55
Influenza Pandemic Comparisons
Time Worldwide Deaths (Ms) Population
(Bs) 1918 - 19 50 - 100 1.8 1957 - 58
2 2.8 1968 - 69 1 3.6 2006 Est 7.5 -
350 6.5
56
Business Pandemic Influenza Planning Checklist
  • Centers for Disease Control Prevention
  • www.cdc.gov/business
  • 6 Sections
  • Tick status -
  • Completed
  • In Progress
  • Not Started

57
It is not finished when the Plan is
produced. Updating. Exercising. Training.
Audit / Review.
58
The hard part of BCM is not creating the plan -
it is keeping it up to date Reorganisations and
reshaping Transformation and rationalisation Mer
gers and acquisitions Rate of technological
change Increased sophistication of
ICT JIT Outsourcing Working practices Staff
turnover, redundancies Hot-desking / virtual
office Be clear on ownership Part of annual
appraisal process
59
Exercising Even a failed disaster recovery test
is useful Types Walk-through Component or
Rolling Full BCP test Involve key business
partners - suppliers? Observe their exercises?
60
BCM Audit Internal or external Be
practical Objectives - Assess status Assess
currency Confirm ownership / responsibilities
Confirm all know roles Review
documentation Encourage training /
exercising Support infrastructure
61
Common Weaknesses Inadequate management
support Insufficient financial support Narrow
view Responsibilities unclear Inappropriate
ownership Not everyone involved Plan stops at
site gate Poor risk analysis / BIA Inadequate
training / awareness Inadequate testing Balance
overview / detail not right Not up to date Not
accessible or relevant when required
62
What is the Status of BCM in your
Organisation?
63
BCM Self Assessment Questionnaire 1 Is there an
active BCM programme in place in your
organisation? Is BCM a comprehensive activity,
which is closely linked to risk management, IT
security, physical security, insurance, internal
audit, etc? 2 Is there a person appointed with
overall responsibility and authority for managing
the programme? Is there a sponsor at board
level? Does a Planning / Steering committee, or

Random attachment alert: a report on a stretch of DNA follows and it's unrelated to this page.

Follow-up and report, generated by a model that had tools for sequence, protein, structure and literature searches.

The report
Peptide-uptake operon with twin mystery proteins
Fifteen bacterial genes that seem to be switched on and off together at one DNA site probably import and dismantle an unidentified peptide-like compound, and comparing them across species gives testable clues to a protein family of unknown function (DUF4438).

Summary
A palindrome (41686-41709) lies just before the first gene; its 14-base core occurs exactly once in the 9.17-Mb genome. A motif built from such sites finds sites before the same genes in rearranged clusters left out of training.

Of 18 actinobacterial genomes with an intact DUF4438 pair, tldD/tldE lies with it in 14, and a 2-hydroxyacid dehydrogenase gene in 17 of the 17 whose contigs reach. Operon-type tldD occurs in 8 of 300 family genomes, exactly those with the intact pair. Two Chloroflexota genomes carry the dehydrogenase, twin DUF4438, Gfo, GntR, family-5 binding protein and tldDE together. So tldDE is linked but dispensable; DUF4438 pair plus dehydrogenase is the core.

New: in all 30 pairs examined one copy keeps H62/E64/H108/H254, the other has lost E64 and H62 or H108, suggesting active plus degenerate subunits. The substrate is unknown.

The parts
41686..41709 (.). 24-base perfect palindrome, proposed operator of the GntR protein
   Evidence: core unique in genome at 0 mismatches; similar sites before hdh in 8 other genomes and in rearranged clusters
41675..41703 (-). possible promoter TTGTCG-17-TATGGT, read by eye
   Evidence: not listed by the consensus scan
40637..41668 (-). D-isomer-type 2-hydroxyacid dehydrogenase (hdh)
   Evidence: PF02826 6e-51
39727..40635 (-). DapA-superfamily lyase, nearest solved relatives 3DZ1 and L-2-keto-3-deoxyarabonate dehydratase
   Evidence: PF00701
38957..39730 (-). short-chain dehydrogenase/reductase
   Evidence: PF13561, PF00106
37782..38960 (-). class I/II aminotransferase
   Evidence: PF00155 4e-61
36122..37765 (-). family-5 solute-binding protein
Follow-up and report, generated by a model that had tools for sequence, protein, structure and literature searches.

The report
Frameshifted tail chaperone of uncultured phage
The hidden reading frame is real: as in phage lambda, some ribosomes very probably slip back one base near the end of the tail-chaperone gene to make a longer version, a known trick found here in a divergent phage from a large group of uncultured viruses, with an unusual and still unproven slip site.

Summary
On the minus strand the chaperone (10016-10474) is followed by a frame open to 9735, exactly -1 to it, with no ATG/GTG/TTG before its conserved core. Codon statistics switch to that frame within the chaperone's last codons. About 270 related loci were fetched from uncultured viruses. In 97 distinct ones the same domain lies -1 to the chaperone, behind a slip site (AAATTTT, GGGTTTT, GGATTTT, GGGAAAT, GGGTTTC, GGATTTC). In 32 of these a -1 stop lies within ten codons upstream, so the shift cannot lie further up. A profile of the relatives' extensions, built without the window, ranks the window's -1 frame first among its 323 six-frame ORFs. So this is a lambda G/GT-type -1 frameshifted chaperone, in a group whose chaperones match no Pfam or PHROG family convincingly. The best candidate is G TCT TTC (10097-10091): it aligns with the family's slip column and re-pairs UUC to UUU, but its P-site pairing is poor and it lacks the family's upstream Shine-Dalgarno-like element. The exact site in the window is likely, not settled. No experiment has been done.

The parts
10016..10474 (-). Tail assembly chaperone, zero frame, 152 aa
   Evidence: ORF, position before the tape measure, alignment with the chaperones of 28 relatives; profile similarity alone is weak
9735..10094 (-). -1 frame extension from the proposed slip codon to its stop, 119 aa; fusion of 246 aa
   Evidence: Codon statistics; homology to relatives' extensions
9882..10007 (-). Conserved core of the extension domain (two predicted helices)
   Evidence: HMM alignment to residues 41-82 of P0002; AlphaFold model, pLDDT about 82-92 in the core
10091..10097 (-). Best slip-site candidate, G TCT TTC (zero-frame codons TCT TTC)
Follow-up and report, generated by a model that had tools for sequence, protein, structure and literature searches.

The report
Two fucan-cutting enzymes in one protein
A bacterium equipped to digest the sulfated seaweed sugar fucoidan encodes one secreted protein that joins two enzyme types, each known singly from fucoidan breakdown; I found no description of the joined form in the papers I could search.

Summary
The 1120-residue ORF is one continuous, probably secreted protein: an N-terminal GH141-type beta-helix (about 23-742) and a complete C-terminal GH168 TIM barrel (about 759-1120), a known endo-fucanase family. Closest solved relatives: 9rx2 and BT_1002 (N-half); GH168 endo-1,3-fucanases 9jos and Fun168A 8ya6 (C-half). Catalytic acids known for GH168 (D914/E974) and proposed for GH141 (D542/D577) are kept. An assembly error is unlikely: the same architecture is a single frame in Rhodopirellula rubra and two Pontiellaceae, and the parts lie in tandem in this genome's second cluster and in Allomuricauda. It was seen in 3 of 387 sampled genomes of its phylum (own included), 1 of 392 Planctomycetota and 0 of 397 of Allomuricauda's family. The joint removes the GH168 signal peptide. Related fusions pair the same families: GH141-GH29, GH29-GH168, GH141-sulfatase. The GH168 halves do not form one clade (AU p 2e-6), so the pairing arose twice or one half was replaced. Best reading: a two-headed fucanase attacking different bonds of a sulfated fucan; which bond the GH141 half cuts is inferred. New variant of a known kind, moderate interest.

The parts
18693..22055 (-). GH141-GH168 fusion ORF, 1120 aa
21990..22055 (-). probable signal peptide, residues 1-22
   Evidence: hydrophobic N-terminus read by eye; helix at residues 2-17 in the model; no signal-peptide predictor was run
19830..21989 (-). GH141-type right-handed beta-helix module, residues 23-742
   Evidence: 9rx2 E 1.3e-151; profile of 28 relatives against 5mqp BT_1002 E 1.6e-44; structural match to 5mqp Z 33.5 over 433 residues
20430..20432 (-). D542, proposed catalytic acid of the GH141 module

a BCM Working Group exist? Is this group
representative of all main functions /
departments? 3 Has a risk management / BCM
culture been established? Are both senior and
middle management aware of the issues? Is BCM
regarded as part of a manager's job specification
and does it rank as a KPI in the annual
performance evaluation and appraisal process?
64
BCM Self Assessment Questionnaire 4 Is business
continuity something which must be taken into
consideration in preparing proposals for new
projects or in seeking approval for capital
expenditure? Does the approval process insist
on this? 5 Has a risk analysis or business
impact analysis been done and has management
endorsed the priorities which that process has
defined? Have controls and safeguards been
identified and implemented to minimise loss? 6
Are regular reports on business continuity
status, targets and achievements made to
executive management and to the board? 7 Are
there documented business continuity plans?
Have key executives got a copy of the plan(s)
at a location, at home for example, where it
would be quickly accessible in the event of an
incident? Are the plans in a format which is
usable in the event of a crisis?
65
BCM Self Assessment Questionnaire 8 Is there
an Emergency / Crises Management Team? Are key
executives aware of the plan and of their roles
in a crisis? Has a location for a crisis
command and control centre been identified? Are
arrangements in place to move to alternative
sites if required? 9 Are business continuity
plans exercised regularly - has an exercise taken
place within the past six months? Are these
exercises realistic? Are the results of such
exercises / tests documented and used to
influence the work programme? 10 Does the
plan deal with how to handle the media? Are
managers aware of the procedures to be followed
for both internal and external communications?